The Wheel of Changes
At first glance there seems to be little to connect the major festivals of the pagan calendar
with the ancient Chinese "Book of Changes" or I Ching. Both systems are ancient
and venerable, but there seems no reason for any fundamental connection between their underlying philosophies. Yet think
for a moment of the bases of these two apparently disparate systems. The yearly circle of major festival days (be it
expressed as the major and minor sabbats of wicca, the fire and solar festivals of the druids or however else) is an eight-fold
expression of the continuous cycle of the seasons, of the interplay between darkness and light, yin
and yang - a fitting description of the eight trigrams that underpin the I Ching.
By considering together the "Book of Changes" and the "Wheel of the Year" composed by the festivals,
valuable new insights into each are obtained through knowledge of the other. Combined they form the "Wheel of Changes."
The Book of Changes (I Ching)
The I Ching is a Chinese book of wisdom and oracles whose precise age is open to debate, though
its origins are certainly several thousand years old, dating back to pre-Confucian times. It has its roots in duality, regarding
the universe as a manifestation of the interaction between a pair of polar energies, which are in turn expressions
of ultimate unity, t'ai-chi. (It is useful to note here that considering these contrasting yet complementary energies as
"goddess" and "god" yields the foundations of wicca, for example.) The strong, active, solar energy
is called yang and is denoted by a solid line; while the weak, receptive, lunar energy is called yin and is denoted by a
The I Ching itself is primarily concerned with the 64 hexagrams obtained from all possible
combinations of six yin/yang lines. However, each hexagram is considered as being the synthesis of two more fundamental
units: trigrams. There are eight of these, constructed from all combinations of three yin/yang lines, and each represents
an important phase in the interaction of the two energies.
The above diagram shows the trigrams arranged in the "Sequence of Earlier Heaven" which, according to tradition,
was established by the legendary emperor Fu Hsi, who is also credited with the original construction of the trigrams from
markings seen on a dragon-horse and a turtle. There are other possible arrangements of the trigrams, but Fu Hsi's correspondences
with the cardinal points and the seasons (Summer - South; Autumn - West; Winter - North; and Spring - East) are the most
cogent and symmetrical, offering great rewards when overlaid with the pagan festivals.
The Wheel of the Year
The eight major pagan festivals constitute an ever-turning, eight-spoked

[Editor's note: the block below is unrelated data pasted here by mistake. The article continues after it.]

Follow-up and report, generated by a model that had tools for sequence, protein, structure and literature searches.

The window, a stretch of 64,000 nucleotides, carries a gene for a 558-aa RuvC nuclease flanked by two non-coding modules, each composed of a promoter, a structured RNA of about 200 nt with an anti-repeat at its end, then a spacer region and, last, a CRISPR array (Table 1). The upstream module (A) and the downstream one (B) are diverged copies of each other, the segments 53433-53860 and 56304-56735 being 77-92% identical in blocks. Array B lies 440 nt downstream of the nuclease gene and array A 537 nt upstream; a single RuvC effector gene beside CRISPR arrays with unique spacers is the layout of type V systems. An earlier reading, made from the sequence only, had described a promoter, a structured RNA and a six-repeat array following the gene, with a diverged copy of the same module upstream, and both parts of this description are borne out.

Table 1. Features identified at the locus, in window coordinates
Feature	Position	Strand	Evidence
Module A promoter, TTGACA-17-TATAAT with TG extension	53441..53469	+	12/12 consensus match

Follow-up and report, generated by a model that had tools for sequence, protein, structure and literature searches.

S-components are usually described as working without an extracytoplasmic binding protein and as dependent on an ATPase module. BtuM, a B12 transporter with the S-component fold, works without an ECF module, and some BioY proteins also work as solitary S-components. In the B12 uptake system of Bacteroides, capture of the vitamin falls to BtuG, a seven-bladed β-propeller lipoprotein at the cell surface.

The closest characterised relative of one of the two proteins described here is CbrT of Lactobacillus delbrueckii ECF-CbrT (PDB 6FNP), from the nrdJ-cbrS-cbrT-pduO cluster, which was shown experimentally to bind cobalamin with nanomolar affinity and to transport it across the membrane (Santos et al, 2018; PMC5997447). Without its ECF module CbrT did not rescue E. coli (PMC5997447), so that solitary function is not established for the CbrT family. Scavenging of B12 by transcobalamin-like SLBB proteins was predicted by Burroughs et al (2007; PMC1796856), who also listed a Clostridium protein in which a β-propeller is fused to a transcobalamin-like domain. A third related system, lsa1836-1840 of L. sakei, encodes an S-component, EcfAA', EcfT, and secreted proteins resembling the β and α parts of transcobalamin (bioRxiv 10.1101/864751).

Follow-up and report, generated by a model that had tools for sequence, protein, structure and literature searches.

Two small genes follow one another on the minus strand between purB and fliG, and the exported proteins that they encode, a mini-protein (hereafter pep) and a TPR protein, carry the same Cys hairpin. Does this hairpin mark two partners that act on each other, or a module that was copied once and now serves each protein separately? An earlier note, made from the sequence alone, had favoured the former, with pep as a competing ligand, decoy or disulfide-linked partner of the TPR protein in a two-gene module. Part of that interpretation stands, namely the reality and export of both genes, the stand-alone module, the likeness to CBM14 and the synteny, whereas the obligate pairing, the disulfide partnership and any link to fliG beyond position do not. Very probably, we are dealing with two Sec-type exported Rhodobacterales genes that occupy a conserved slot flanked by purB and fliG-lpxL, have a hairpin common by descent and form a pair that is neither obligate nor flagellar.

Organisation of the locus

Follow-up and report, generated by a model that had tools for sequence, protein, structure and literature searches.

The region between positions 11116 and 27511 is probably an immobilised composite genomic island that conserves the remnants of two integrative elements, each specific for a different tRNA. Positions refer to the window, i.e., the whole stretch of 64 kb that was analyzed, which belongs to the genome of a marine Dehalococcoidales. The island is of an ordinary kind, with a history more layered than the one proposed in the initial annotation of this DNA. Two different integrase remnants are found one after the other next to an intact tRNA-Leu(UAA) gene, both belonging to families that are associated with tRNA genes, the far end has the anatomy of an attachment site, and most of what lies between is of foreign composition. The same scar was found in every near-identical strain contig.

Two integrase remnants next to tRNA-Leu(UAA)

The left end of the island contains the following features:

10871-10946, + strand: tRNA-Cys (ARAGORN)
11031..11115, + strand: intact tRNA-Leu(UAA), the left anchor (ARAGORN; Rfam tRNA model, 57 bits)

wheel of the year that marks the changing of the seasons and the ebbing and flowing of light
and darkness, heat and cold, growth and decay, throughout the year. The eight are made up of four movable festivals tied to
solar events (the two solstices, Yule and
Litha, and the two equinoxes, Ostara
and Mabon), and four fixed fire festivals on cross-quarter days between them.
Each festival marks an important phase in the natural cycle of the year.
The clickable figure above shows the festivals arranged in sunwise order in a circle, the "Wheel of the Year."
For the northern hemisphere, placing midwinter (Yule) in its characteristic position of north produces a natural ordering
which gives an impressive correlation with the Fu Hsi arrangement of the eight trigrams.
The Wheel of Changes
Simply combining the circle of the trigrams with the wheel of the year gives the "Wheel of Changes,"
below. The accord between the two systems seems remarkable; yet it is also understandable, given that both elucidate the
critical phases of a bipolar dynamic at eight points.
With a form of equivalence between the systems established, the time-honored practice of occult correspondence can be employed,
allowing knowledge of either system to be used to enhance understanding and appreciation of the other. For example, the
trigram symbols themselves could be incorporated into festival observance, and their form and underlying philosophy used
to enrich meditation upon the light-dark dynamic of each festival and how it stands in relation to the others in the wheel
of the year. Conversely, knowledge of each festival's motivations and place in the natural cycle of the seasons may allow
a richer, less abstract empathy with the continuous cyclical flowing of yin and yang, and consequently with the
I Ching itself.
As a starting point for this synergy, let us end by considering briefly in turn each of the eight festival-trigram correspondences,
starting arbitrarily with Litha - Ch'ien.
Litha - Ch'ien
Litha is a celebration of the summer solstice, the longest day of the year. In the druidic tradition the festival is called
Alban Heruin, a name meaning "Light of the Shore" - an appropriate title for this turning point of the year, lying
at the midpoint between "Light of the Earth" and "Light of the Water" (the druidic terms for the equinoctial
observances). This midsummer festival celebrates the apex of the strong, active, solar force; sometimes symbolized in the
crowning of the Oak King, god of the waxing year. The trigram Ch'ien represents the apogee of the same force: it consists
of three strong yang lines alone, and has the epithets creative, strong, heaven and father.